Mild hypothermia after cardiac arrest in dogs does not affect postarrest multifocal cerebral hypoperfusion.
Although mild resuscitative hypothermia (34 degrees C) immediately after cardiac arrest improves neurological outcome in dogs, its effects on cerebral blood flow and metabolism are unknown.
We used stable xenon-enhanced computed tomography to study local, regional, and global cerebral blood flow patterns up to 4 hours after cardiac arrest in dogs. We compared a normothermic (37.5 degrees C) control group (group I, n = 5) with a postarrest mild hypothermic group (group II, n = 5). After ventricular fibrillation of 12.5 minutes and reperfusion with brief cardiopulmonary bypass, the ventilation, normotension, normoxia, and mild hypocapnia were controlled to 4 hours after cardiac arrest. Group II received (minimal) head cooling during cardiac arrest, followed by systemic bypass cooling (to 34 degrees C) during the first hour of reperfusion after cardiac arrest.
The postarrest homogeneous transient hyperemia was followed by global hypoperfusion from 1 to 4 hours after arrest, with increased "no-flow" and "trickle-flow" voxels (compared with baseline), without group differences. At 1 to 4 hours, mean global cerebral blood flow in computed tomographic slices was 55% of baseline in group I and 64% in group II (NS). No flow (local cerebral blood flow < 5 mL/100 cm3 per minute) occurred in 5 +/- 2% of the voxels in group I versus 9 +/- 5% in group II (NS). Trickle flow (5 to 10 mL/100 cm3 per minute) occurred in 10 +/- 3% voxels in group I versus 16 +/- 4% in group II (NS). Cerebral blood flow values in eight brain regions followed the same hyperemia-hypoperfusion sequence as global cerebral blood flow, with no significant difference in regional values between groups. The global cerebral metabolic rate of oxygen, which ranged between 2.7 and 4.5 mL/100 cm3 per minute before arrest in both groups, was at 1 hour after arrest 1.8 +/- 0.3 mL in normothermic group I (n = 3) and 1.9 +/- 0.4 mL is still-hypothermic group II (n = 5); at 2 and 4 hours after arrest, it ranged between 1.2 and 4.2 mL in group I and between 1.2 and 2.6 mL in group II.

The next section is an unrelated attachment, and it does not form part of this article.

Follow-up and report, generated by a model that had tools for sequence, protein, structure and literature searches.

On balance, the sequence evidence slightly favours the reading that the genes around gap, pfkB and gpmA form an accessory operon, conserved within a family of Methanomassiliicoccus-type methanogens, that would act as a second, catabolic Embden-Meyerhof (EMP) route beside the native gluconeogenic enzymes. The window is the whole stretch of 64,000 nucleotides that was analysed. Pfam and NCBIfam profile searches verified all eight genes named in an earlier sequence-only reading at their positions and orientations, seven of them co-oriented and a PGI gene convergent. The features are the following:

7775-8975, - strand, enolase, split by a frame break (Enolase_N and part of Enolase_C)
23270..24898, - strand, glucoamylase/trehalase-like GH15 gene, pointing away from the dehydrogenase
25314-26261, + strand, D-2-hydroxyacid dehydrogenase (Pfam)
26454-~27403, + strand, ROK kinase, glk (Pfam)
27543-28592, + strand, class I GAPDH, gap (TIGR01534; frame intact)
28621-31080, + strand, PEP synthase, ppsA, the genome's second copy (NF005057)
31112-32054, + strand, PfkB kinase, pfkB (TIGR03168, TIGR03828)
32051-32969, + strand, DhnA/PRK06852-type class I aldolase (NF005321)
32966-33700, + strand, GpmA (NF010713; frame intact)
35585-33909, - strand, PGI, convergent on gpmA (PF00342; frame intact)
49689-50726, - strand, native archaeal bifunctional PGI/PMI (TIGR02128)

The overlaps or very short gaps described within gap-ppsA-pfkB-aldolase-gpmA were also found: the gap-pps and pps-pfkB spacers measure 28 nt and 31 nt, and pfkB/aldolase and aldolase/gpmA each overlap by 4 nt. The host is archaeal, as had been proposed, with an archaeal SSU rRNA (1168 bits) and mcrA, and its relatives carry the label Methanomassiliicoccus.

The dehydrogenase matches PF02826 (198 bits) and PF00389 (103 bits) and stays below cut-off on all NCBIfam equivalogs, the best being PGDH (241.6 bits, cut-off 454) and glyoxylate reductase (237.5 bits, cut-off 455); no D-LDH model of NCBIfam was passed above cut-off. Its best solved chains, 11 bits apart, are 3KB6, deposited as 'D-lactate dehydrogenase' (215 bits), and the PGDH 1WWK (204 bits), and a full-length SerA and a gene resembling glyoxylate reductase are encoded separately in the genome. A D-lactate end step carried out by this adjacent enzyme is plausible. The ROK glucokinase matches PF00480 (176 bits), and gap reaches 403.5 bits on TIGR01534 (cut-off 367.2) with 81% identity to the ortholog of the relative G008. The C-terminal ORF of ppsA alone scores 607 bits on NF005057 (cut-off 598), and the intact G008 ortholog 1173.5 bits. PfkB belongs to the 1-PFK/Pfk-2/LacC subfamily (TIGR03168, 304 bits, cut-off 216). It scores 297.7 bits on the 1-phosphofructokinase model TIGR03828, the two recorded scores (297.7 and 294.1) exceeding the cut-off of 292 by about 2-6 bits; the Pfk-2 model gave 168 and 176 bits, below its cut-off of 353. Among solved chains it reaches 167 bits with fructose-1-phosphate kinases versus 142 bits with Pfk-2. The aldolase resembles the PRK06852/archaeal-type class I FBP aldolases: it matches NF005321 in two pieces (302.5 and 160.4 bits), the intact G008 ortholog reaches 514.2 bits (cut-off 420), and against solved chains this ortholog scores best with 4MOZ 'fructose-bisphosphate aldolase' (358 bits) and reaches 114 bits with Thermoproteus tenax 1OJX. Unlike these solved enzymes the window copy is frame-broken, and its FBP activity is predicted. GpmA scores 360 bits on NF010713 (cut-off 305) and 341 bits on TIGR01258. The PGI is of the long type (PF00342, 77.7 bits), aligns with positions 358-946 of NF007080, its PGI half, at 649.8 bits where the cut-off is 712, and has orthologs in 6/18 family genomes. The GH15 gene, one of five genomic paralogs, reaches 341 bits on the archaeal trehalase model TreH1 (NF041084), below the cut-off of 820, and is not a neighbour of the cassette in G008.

After cardiac arrest, mild resuscitative hypothermia lasting 1 hour does not significantly affect patterns of cerebral blood flow and oxygen uptake. This suggests that different mechanisms may explain its mitigating effect on brain damage.
- Copyright © 1993 by American Heart Association